INFLATION edged up last month for the first time since April, reinforcing expectations that the Reserve Bank will keep interest rates unchanged when its monetary policy meeting ends on Monday.
The annual rise in the consumer price index (CPI) ticked up to 5% from 4.9% in July, boosted mainly by hikes in housing utility costs, as well as fuel and food prices. But the increase was modest enough to keep inflation well inside the 3% -6% official target range monitored by the Bank for interest rate decisions.
After the Bank unexpectedly trimmed its repo rate in July, there has been speculation that there could be another reduction today, but most analysts believe this is very unlikely.
"Our expectation remains that the Bank’s monetary policy committee will leave the repo rate unchanged," Cadiz Asset Management economist Adenaan Hardien said yesterday. "We remain of the view that the repo rate has bottomed. In our view, further rate cuts would require a meaningful deterioration in economic fundamentals."
The Bank cited an improved inflation outlook, a fragile domestic economy, and an uncertain global backdrop for its decision to cut the repo rate by half a percentage point to 5% in July.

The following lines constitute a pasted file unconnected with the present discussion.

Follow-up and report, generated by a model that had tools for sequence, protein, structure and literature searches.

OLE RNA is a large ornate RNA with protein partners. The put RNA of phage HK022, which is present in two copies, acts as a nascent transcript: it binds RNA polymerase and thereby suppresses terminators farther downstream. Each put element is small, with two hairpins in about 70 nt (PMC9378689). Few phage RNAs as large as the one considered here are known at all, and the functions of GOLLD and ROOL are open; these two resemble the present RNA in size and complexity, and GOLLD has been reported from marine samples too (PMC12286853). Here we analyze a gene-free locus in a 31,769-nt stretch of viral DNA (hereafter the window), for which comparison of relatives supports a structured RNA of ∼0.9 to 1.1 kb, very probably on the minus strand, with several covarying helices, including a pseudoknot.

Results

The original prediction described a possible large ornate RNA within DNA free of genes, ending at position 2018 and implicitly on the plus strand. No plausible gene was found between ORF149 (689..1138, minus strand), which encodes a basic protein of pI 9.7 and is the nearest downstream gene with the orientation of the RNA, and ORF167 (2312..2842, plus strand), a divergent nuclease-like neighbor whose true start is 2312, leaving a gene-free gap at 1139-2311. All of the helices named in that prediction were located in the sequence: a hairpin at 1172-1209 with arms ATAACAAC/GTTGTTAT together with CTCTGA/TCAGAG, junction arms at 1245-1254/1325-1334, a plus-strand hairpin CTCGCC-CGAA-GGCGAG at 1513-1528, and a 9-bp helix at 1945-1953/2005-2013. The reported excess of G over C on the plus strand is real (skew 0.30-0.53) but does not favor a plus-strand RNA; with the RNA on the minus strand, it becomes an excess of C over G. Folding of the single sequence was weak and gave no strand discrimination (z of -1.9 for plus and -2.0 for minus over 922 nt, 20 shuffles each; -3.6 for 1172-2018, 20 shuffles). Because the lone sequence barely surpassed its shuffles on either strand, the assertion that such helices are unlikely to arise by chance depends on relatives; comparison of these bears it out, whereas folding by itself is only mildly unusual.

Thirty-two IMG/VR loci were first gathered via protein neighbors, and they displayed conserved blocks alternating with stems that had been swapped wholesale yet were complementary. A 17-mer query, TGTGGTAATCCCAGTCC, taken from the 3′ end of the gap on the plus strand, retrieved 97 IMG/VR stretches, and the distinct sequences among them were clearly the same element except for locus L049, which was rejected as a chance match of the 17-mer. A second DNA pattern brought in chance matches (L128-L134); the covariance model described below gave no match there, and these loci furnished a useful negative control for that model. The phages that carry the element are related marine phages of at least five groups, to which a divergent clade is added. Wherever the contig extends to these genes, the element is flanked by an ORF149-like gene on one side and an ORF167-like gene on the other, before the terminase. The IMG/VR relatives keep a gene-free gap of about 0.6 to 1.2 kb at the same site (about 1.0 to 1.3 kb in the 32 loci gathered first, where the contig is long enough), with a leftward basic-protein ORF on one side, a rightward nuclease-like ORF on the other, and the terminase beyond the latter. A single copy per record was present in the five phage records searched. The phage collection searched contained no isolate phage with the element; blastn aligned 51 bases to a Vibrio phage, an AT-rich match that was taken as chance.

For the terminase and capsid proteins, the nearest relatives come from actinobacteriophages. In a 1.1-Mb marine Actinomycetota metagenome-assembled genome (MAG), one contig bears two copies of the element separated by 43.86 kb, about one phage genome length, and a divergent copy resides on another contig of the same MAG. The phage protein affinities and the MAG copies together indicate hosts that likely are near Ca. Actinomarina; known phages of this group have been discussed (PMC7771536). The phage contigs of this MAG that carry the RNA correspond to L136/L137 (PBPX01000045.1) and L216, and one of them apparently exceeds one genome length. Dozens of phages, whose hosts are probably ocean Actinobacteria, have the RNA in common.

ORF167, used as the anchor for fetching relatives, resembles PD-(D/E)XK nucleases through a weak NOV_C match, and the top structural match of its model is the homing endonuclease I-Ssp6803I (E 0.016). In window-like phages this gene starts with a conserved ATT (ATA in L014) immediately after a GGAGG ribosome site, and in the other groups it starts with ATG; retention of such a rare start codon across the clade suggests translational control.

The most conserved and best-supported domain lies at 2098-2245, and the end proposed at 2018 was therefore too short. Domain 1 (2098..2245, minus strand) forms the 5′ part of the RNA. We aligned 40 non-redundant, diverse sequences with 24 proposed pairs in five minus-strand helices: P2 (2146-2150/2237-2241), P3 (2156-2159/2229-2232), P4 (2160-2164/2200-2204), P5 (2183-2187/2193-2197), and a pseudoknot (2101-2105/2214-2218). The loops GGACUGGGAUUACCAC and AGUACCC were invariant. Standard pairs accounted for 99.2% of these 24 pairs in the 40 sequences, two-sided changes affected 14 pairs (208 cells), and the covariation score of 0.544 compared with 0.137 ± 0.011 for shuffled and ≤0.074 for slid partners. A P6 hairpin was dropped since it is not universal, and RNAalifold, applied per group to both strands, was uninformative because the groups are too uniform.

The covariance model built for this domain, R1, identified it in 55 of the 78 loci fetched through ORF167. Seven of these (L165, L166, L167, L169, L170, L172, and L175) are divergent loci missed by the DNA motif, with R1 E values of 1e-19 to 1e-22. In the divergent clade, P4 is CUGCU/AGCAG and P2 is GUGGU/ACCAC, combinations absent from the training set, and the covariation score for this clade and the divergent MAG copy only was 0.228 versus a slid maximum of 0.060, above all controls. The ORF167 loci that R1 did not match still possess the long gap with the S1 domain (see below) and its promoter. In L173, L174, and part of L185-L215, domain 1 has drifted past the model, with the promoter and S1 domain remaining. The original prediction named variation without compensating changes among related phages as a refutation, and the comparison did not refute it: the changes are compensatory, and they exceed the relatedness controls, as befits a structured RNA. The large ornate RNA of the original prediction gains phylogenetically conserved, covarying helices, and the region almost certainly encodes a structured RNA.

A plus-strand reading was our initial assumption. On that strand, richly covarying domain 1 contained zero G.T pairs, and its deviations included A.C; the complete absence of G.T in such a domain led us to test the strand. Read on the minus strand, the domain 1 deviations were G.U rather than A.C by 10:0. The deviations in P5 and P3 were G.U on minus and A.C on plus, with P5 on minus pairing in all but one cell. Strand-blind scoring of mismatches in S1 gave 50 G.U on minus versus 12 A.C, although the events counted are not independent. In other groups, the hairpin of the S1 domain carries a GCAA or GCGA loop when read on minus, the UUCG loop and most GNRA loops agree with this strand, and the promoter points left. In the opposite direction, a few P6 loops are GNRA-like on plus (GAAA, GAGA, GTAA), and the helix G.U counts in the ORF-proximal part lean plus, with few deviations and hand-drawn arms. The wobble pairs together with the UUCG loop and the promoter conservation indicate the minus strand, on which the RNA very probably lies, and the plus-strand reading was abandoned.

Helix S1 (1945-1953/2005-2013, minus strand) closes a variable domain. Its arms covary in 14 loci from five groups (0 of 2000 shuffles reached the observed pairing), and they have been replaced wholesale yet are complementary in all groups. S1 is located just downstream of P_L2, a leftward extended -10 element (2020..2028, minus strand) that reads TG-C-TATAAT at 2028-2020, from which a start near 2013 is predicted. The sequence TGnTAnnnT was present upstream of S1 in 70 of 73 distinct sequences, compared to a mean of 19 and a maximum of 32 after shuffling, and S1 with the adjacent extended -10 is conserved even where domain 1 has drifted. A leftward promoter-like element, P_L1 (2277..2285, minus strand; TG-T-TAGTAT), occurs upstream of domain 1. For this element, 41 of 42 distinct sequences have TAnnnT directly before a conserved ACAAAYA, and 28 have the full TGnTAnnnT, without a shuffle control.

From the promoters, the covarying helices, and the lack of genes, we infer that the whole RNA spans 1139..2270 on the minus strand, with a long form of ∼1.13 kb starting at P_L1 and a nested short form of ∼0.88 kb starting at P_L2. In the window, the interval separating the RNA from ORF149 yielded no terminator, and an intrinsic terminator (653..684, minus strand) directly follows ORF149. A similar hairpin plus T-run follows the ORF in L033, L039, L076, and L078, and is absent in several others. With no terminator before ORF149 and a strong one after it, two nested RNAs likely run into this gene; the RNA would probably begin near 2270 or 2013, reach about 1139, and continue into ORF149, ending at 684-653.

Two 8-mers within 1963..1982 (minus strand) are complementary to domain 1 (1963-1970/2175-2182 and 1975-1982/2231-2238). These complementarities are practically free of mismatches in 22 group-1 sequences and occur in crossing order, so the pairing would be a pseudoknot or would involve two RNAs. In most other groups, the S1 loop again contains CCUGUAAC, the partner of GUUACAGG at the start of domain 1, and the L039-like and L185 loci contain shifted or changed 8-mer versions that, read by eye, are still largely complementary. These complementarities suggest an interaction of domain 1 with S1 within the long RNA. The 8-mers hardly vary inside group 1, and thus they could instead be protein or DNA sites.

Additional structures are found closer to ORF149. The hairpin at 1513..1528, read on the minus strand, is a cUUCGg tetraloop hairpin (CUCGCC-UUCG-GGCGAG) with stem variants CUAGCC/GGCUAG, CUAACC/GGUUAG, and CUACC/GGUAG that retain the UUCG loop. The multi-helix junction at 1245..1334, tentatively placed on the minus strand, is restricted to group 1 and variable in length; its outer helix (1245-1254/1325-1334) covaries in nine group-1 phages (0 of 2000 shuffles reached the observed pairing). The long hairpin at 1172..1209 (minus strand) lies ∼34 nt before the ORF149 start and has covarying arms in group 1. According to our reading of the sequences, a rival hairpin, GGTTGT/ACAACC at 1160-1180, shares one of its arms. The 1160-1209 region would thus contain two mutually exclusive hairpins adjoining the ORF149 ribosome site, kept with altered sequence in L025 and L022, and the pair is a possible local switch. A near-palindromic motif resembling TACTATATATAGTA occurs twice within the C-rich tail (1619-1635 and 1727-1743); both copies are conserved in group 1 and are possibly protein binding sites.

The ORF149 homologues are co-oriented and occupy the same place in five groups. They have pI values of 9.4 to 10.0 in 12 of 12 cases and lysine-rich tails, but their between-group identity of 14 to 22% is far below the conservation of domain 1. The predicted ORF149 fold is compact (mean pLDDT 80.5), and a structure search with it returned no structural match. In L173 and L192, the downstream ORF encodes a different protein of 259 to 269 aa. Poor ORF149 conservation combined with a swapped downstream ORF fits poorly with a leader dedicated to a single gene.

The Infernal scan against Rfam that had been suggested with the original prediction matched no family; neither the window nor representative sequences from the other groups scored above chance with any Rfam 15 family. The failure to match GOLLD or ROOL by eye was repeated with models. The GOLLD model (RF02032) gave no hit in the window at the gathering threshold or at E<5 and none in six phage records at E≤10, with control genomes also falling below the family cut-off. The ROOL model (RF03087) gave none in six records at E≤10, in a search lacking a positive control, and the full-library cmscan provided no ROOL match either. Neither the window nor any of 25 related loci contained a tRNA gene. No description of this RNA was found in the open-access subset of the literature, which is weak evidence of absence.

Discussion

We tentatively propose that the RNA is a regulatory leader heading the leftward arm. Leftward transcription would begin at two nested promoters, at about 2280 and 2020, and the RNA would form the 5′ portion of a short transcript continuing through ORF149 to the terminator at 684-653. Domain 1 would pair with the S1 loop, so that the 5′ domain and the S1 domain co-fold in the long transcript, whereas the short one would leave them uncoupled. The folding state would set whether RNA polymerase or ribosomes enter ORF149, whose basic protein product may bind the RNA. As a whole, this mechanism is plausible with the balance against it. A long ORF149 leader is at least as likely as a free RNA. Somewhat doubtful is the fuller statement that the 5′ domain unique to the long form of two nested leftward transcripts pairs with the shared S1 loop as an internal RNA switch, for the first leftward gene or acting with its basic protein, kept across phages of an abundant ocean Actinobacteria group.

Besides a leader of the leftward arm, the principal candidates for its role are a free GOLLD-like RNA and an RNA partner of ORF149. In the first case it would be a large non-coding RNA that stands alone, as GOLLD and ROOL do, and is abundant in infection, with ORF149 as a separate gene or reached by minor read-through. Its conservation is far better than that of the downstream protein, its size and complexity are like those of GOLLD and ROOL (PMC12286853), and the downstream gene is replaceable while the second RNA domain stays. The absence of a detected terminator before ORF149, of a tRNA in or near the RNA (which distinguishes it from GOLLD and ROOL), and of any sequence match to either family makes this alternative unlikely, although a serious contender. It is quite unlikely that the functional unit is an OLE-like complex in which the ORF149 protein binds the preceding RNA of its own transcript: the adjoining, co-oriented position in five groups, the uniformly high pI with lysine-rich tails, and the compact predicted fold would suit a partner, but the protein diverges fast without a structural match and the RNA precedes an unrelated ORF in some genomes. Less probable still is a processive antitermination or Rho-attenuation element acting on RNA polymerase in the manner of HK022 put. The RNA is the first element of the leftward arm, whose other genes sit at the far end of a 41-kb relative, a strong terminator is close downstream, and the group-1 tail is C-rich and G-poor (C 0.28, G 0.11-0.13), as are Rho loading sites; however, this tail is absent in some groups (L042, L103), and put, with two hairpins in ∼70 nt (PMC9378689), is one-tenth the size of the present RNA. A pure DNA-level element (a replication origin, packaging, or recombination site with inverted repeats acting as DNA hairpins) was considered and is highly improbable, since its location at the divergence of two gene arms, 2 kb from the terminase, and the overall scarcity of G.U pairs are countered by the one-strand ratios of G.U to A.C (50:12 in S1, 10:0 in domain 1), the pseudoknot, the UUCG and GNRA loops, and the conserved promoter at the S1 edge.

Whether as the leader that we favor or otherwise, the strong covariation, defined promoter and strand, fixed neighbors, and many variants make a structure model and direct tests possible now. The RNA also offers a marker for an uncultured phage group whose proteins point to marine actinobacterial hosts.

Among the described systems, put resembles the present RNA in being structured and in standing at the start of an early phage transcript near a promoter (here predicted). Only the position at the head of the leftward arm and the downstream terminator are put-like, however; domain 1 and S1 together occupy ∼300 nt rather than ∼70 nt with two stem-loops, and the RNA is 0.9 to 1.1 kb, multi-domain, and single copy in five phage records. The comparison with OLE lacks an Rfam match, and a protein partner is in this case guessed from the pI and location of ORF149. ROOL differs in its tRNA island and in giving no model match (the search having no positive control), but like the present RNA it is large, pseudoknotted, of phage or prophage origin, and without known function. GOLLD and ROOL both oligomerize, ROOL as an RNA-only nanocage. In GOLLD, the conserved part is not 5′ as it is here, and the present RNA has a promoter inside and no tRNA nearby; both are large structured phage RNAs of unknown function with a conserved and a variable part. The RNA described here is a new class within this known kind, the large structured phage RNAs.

The slight pick-up in inflation last month does not tarnish the benign outlook for price pressures in the domestic economy.
"We expect inflation to remain around 5% for the remainder of the year," Nedbank economist Busisiwe Radebe said. "Softer spending and a weaker global economy are likely to keep inflation contained through 2012," she said.
On a monthly basis, inflation rose by 0.2%, buoyed by higher petrol prices and an increase in tariffs for electricity and water, Statistics SA figures showed.
Core inflation — which excludes food, petrol and energy — nudged up to 4.6% from 4.5%. Inflation for goods and for services was steady at 4.2% and 5.8%, respectively.
A detailed breakdown of the CPI showed that food inflation subsided to 5.1% last month from 5.4% in July, in response to lower prices for bread, cereals, processed food and fish.
So far, a surge in global maize prices sparked by a severe drought in the US has not fed through into domestic inflation, but analysts say there is normally a six-month lag.
Local maize futures prices have fallen by more than 14% since the end of July, but are still up 13% in the year to date.
Petrol prices will push inflation higher in the near term, after a 93c/l increase this month, and an expected smaller hike next month. There is also likely to be upward pressure on this month’s inflation rate from the inclusion of quarterly price surveys for rentals, owners’ equivalent rent and domestic worker wages.
In the medium term, a more stable exchange rate for the rand and lower global oil prices should help keep price pressures in check.
Absa Capital is one of the few financial institutions that expects the Bank to cut its key repo rate today, citing the slowing global and domestic economy, combined with a well-contained inflation outlook.
"We think that the Reserve Bank has a cutting bias, so whenever they can justify a cut, they will," said Absa Capital economist Ilke van Zyl.
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